True Stories
, his remarkable movie about Dallas, Dallas is the city of 
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dreams. People are inventing and living their own Casablanca here, and don't need to resurrectthe old one.Dallas deeply irks those observers of it that cannot shake off their distaste for capitalist Americaas it flourishes here. They seize on what they can--the alleged suicidal alienation of suburbanDallas life, for instance--and have made Plano, a northern suburb of the city, almost a watchwordfor anomie and cultural vacuum. But such people are generally academics or journalists, whoseown culture often cuts them off from the six great sources of human community in the suburbs--family, religion, sport, school, charitable activities, and local popular discussion groups such ashistorical and philosophical societies, garden clubs and the like, which they tend to considerbeneath their attention. I myself discovered Little League, which combines family with sport,through being dragged into that community by my son. Baptist and Catholic churches are vasthives of social and charitable activity, as are the elaborate paraphernalia of Texas' major religion,football, with its bands, cheerleader fund drives, local rivalries, and so on. Weddings, funerals,and christenings, often avoided by liberal intellectuals, are deep sources of community.But these communities are not physically localized. Traditional city planners, who love the oldidea of the neighborhood, cannot get their heads around the strange geographical superimpositionof virtual neighborhoods that operates here--neighborhoods about 400 square miles in extent,connected closely by car, cellphone, email and local TV, radio, and the press, and denselyoverlapping like a palimpsest. My neighborhoods include several local intellectual and literarysalons, my karate group, the Dallas Institute, the theater world, my wife's musical, culinary, andlinguistic connections, my church, the Jung Society, and sundry artistic and architecturalcommunities. Strangers cannot see these communities going on in the street, and thus there is ahuge discrepancy between the views taken of Dallas as a place to live by dwellers here and byoutside critics of itWhy this should be so is connected to the more general issue that we began with, which is whyone lives anywhere. And we cannot answer this question until we have at least encountered amore fundamental issue still, which is: what makes us happy?What makes us happy and what we believe makes us happy are two different things. There arethings we have, even things a place gives us, that make up the meaningful substance of our lives,and that silently and invisibly make us happy. Silently and invisibly, because for the most part wetake them for granted, transferring their felt benefit to the second category, what we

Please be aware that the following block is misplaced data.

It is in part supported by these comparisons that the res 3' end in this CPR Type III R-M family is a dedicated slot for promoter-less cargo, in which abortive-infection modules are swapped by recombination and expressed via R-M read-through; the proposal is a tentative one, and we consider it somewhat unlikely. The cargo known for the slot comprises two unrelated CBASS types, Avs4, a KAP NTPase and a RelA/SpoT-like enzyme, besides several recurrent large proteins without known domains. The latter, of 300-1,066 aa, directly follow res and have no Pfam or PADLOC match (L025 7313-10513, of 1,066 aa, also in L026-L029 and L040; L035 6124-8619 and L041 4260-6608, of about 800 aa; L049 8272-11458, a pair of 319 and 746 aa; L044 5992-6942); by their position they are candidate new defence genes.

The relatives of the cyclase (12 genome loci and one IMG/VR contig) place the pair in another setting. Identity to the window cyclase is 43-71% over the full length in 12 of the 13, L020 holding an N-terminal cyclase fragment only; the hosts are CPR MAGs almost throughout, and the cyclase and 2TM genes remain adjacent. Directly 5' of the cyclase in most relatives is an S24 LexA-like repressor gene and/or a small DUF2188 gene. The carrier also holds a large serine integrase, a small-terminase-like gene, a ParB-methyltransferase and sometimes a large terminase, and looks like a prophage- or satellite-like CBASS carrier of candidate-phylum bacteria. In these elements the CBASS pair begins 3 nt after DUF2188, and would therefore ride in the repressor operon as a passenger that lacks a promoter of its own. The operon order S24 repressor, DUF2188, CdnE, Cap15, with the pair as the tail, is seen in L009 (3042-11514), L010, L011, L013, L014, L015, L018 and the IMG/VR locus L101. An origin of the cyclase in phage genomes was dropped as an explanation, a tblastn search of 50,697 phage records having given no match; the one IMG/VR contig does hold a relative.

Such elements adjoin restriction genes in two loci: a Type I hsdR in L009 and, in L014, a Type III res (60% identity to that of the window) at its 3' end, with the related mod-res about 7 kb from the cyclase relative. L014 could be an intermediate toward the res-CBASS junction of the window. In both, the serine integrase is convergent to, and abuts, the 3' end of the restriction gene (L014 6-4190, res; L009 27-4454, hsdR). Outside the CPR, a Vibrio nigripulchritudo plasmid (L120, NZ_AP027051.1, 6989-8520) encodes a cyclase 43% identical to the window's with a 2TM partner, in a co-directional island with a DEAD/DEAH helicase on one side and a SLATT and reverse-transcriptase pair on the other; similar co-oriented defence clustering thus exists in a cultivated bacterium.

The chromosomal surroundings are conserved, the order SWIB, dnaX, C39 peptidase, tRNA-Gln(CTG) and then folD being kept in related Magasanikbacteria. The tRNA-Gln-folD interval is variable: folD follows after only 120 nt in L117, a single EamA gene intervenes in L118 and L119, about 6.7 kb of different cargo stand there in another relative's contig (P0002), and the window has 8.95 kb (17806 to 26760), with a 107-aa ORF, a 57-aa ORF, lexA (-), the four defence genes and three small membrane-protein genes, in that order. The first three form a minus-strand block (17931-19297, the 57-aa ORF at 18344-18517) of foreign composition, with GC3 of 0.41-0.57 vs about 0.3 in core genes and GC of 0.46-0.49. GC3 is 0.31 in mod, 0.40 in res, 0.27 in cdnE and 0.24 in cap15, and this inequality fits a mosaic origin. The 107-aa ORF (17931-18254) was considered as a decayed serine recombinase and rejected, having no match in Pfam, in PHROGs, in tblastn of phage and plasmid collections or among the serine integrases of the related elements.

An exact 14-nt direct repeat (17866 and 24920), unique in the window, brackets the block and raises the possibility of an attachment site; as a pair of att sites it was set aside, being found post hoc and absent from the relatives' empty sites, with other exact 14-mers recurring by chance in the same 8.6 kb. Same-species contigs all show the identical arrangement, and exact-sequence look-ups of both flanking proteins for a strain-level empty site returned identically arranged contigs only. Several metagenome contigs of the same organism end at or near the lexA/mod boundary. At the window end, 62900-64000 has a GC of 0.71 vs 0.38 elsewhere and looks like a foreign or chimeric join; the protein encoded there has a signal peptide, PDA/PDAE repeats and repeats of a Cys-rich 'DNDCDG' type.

believe
makes us happy. Human as we are, unless we are very wise indeed, the things we believe makeus happy are the things we want but do not have, the things that we want because other peopleseem to want them in order to be happy, the things already in the possession of other people who